New Public Health dean wants to increase community connections


When she interviewed to become the new dean of the Graduate School of Public Health, Maureen Lichtveld, who started on Jan. 1, said “it was clear that Pittsburgh and particularly the University of Pittsburgh have a tremendous amount of assets … but those assets were not quite connected.”

“We don’t look good from a public health perspective,” she said, noting a Pitt study comparing Pittsburgh to 89 other cities that found the city nearly the worst in maternal and fetal deaths, and in cancer and cardiovascular disease. “We know, unfortunately, that where we live determines your health, and we have to stop that in Pittsburgh. We need to address the root causes of environmental health (issues).”

Plus, of course, the world is still in the midst of the largest public health crisis of our lifetimes.

“My motto is always ‘Making science work for communities,’ ” Lichtveld said. So her top goal for the school is to increase student and faculty connections to the community and its public health concerns.

Her plans also include bringing local high school students to the school for a summer program and creating its first undergraduate degree — which will essentially remove the G from GSPH.

“One of my highest priorities is precision public health,” she said, which brings an interdisciplinary practice to tackling community-based problems with community-based assets. “We will go to the community and address the community’s public health threats.”

She also likes that the School of Medicine and the Swanson School of Engineering are just up the hill, providing opportunities for what she called “a trans-disciplinary approach” to faculty work.

To bring the community here — and to begin to grow the pipeline of public health sciences professionals from the undergraduate level — she is developing Pitt’s first bachelor of science in public health degree. It will require that students do 120 hours of service learning in the community alongside health-sciences practitioners and other scientists already at work in the world.

She also plans to open a public health sciences academy at the school for local high school students, especially from the public schools, to begin exploring public health subjects and earn scholarships to enroll here in the future. Academy students will have the chance to work with data and personnel from health departments at the county and state level, she said.

In addition to the community focus, she intends to bring a more global focus to the education and research conducted at the school.

Asked about her first impression of Pitt, she could only say “I haven’t seen much of the campus because I came in the middle of a pandemic,” but added, “I was in awe of the Cathedral.”

Previously, she was chair of Tulane University’s Department of Environmental Health Sciences in the School of Public Health and Tropical Medicine and directed the Center for Gulf Coast Environmental Health Research, Leadership and Strategic Initiatives at Tulane as well. She also served 18 years with the U.S. Centers for Disease Control and Prevention and the U.S. Department of Health and Human Services Agency for Toxic Substances and Disease Registry.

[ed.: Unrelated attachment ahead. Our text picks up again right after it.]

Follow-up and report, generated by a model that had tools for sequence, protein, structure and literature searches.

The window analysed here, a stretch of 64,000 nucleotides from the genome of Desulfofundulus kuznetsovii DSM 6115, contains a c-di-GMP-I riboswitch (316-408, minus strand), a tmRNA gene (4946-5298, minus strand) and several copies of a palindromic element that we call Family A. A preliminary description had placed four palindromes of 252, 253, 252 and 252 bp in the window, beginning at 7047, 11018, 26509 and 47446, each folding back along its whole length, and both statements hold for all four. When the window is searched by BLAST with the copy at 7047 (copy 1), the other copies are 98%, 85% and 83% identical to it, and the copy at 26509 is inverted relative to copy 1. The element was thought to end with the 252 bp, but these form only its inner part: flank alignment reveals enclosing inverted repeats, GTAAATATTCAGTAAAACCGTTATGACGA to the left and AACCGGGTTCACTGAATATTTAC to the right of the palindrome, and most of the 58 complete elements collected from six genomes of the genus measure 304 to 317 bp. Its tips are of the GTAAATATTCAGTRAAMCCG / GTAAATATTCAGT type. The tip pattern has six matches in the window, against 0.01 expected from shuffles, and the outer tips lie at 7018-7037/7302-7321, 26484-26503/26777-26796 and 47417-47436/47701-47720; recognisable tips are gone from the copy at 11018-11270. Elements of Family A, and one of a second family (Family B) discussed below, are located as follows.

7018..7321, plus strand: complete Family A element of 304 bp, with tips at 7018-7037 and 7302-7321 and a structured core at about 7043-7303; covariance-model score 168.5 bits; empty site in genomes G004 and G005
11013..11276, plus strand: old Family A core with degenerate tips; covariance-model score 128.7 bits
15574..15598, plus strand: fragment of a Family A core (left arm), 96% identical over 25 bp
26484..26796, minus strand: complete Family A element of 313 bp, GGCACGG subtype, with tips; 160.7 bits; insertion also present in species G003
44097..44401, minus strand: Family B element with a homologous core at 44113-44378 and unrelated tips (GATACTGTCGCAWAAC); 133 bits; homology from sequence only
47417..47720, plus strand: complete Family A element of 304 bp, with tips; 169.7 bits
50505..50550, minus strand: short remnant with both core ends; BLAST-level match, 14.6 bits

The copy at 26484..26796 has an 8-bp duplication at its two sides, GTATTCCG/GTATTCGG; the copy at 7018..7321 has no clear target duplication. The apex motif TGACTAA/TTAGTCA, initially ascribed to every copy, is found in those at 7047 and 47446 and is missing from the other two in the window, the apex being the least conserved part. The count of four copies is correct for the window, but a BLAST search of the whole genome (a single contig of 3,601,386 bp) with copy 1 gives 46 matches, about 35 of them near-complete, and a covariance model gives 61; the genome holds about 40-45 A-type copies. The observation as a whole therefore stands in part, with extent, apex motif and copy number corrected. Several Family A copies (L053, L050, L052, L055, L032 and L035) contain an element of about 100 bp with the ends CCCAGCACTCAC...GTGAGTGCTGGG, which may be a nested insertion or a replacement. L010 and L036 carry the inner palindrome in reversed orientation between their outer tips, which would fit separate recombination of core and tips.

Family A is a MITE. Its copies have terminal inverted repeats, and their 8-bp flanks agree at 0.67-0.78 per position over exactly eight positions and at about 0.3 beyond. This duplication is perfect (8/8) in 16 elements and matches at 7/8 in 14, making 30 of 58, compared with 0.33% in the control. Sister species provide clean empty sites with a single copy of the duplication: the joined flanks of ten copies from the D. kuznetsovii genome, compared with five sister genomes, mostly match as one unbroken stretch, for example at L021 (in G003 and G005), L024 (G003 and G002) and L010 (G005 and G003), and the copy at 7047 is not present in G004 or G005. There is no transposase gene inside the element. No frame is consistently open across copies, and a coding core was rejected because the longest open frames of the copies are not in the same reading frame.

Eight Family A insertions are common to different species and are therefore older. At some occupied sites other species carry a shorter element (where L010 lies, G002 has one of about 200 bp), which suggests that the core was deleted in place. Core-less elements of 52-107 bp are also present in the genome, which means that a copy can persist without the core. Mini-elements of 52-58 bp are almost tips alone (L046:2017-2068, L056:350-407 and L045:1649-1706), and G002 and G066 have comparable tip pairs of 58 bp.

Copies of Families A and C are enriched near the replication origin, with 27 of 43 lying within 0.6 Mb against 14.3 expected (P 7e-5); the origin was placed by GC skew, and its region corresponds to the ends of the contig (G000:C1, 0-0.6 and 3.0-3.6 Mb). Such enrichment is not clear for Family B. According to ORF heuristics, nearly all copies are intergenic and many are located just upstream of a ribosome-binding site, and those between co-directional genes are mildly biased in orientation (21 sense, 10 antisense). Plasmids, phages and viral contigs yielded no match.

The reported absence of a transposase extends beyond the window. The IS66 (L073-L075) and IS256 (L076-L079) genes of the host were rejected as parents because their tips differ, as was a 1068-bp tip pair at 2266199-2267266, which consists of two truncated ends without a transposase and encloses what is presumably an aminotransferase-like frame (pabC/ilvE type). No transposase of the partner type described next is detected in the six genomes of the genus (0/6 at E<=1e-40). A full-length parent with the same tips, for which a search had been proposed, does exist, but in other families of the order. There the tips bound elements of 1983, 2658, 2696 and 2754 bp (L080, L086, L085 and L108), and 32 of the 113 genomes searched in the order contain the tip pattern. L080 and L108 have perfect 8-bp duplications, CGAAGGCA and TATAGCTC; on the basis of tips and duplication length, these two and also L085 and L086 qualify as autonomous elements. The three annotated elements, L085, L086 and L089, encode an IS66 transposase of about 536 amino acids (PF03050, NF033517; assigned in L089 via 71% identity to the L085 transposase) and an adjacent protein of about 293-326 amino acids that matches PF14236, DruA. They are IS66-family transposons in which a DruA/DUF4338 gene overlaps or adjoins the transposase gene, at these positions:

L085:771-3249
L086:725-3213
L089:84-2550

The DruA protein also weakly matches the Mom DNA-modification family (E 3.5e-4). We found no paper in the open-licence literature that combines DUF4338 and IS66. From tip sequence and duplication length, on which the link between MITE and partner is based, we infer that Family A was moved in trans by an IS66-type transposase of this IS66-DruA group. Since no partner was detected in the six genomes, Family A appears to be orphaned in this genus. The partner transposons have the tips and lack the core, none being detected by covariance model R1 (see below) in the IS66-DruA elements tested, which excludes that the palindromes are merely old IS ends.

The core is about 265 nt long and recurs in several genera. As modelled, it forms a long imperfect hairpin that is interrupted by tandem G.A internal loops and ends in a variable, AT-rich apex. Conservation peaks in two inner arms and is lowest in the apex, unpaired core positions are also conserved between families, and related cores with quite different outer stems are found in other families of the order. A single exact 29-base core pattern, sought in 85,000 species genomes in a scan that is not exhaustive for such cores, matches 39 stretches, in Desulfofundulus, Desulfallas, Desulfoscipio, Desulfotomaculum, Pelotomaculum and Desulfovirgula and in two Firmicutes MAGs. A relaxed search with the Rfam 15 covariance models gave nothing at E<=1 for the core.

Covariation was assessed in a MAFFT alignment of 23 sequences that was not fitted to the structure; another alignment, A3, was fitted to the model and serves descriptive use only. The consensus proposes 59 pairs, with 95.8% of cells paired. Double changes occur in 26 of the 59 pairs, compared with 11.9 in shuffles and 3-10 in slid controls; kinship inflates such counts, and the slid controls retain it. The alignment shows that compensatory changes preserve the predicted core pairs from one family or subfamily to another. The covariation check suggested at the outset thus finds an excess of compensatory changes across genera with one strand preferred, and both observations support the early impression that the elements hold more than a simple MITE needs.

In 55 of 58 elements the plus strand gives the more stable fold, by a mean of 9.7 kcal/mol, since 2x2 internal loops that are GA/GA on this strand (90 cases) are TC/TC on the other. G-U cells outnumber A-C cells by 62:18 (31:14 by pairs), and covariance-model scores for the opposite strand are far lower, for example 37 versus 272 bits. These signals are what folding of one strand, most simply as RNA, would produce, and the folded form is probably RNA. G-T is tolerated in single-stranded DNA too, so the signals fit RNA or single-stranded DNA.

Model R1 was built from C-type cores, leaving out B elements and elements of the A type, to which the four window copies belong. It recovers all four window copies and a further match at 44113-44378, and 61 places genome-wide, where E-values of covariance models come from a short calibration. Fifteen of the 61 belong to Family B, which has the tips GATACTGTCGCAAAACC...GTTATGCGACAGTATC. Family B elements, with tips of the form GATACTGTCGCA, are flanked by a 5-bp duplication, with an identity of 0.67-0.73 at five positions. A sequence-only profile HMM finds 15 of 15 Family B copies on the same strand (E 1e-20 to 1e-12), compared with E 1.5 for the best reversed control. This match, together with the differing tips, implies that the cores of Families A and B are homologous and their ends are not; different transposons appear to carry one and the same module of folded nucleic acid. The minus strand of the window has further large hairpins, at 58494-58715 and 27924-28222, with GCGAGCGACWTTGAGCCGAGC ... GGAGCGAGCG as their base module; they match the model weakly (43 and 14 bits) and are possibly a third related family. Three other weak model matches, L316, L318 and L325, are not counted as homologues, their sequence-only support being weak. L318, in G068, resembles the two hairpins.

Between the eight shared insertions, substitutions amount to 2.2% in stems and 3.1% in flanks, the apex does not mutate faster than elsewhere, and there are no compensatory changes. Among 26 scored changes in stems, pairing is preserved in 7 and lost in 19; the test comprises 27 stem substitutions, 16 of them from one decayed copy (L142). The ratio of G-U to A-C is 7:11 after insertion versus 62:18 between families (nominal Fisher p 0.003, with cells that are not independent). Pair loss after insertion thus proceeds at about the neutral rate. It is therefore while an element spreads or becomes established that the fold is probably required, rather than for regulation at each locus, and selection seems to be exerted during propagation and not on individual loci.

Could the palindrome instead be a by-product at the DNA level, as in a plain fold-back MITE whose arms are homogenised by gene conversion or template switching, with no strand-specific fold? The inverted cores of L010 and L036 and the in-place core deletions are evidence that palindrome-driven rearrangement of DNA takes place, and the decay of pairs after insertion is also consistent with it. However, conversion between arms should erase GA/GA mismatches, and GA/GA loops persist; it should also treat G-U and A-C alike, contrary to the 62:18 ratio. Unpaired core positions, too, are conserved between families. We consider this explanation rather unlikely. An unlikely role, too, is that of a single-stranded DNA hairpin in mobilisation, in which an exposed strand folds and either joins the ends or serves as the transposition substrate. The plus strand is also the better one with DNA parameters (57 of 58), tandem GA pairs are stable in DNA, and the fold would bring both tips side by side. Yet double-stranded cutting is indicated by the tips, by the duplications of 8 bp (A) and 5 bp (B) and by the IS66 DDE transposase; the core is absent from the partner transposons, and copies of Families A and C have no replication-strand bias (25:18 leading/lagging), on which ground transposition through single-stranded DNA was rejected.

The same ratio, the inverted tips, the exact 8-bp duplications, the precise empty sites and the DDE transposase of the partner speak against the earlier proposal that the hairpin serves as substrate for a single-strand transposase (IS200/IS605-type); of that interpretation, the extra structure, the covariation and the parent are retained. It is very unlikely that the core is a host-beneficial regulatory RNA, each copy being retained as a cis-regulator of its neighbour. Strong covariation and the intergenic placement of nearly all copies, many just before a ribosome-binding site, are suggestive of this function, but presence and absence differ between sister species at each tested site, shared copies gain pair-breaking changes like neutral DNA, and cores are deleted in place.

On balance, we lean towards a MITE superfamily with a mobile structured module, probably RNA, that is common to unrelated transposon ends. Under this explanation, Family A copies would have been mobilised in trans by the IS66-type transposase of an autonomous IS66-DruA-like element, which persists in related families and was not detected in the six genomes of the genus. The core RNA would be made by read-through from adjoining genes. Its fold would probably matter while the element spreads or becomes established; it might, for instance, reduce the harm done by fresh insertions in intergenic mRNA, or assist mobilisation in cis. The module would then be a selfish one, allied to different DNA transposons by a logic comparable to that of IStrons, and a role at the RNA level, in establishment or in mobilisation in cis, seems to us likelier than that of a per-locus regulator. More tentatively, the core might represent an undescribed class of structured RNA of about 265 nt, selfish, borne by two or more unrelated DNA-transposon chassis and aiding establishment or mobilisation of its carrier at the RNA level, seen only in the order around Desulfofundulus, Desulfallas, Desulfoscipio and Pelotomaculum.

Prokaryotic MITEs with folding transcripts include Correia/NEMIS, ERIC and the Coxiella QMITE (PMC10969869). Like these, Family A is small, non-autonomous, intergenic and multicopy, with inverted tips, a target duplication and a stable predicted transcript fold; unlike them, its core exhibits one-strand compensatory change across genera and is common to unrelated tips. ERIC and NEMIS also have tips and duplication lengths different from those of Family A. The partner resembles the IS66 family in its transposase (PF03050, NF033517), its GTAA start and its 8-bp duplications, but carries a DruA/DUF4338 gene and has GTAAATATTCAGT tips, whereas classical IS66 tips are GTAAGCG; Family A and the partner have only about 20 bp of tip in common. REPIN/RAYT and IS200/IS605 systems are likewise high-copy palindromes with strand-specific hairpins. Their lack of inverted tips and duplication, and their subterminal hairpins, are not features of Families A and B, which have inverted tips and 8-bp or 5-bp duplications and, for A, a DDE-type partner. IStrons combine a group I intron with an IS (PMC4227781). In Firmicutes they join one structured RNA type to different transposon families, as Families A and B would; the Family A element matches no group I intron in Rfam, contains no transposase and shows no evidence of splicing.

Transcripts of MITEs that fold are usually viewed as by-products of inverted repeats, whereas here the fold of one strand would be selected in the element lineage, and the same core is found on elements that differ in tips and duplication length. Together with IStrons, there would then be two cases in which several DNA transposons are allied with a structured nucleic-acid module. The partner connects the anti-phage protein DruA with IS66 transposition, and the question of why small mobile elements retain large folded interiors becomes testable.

One of the problems with our handling of the pandemic is that we didn’t treat it as a public health issue right away, she said. “In the beginning, a year ago, we approached the pandemic as a clinical problem — ‘if only we had enough hospitals’ — but the pandemic is a public health issue.” Public health solutions — masking, distancing, contact tracing — at the beginning were “minimally at the table, or their guidance was ignored.”

The biggest public health solution now, of course, is the vaccination, said Lichtveld — who is also the Jonas Salk Professor of Population Health at the school. “The quintessential issue is that a vaccine is not only to protect you, it is to protect you and your family. If you care about your family, (you will be vaccinated). It’s your family where you study. It’s your family where you go to the grocery store. These are your family.”

Lichtveld also plans to bring in new Black and underrepresented minorities as faculty in the school. “We have to look at the way the community surrounding us looks, and we don’t look that way,” she said.

Expect to hear more about the school in the future, she said: She is also hiring a communications director “so what we do and what we study becomes more meaningful” locally, from board rooms to government offices.

Marty Levine is a staff writer for the University Times. Reach him at or 412-758-4859.


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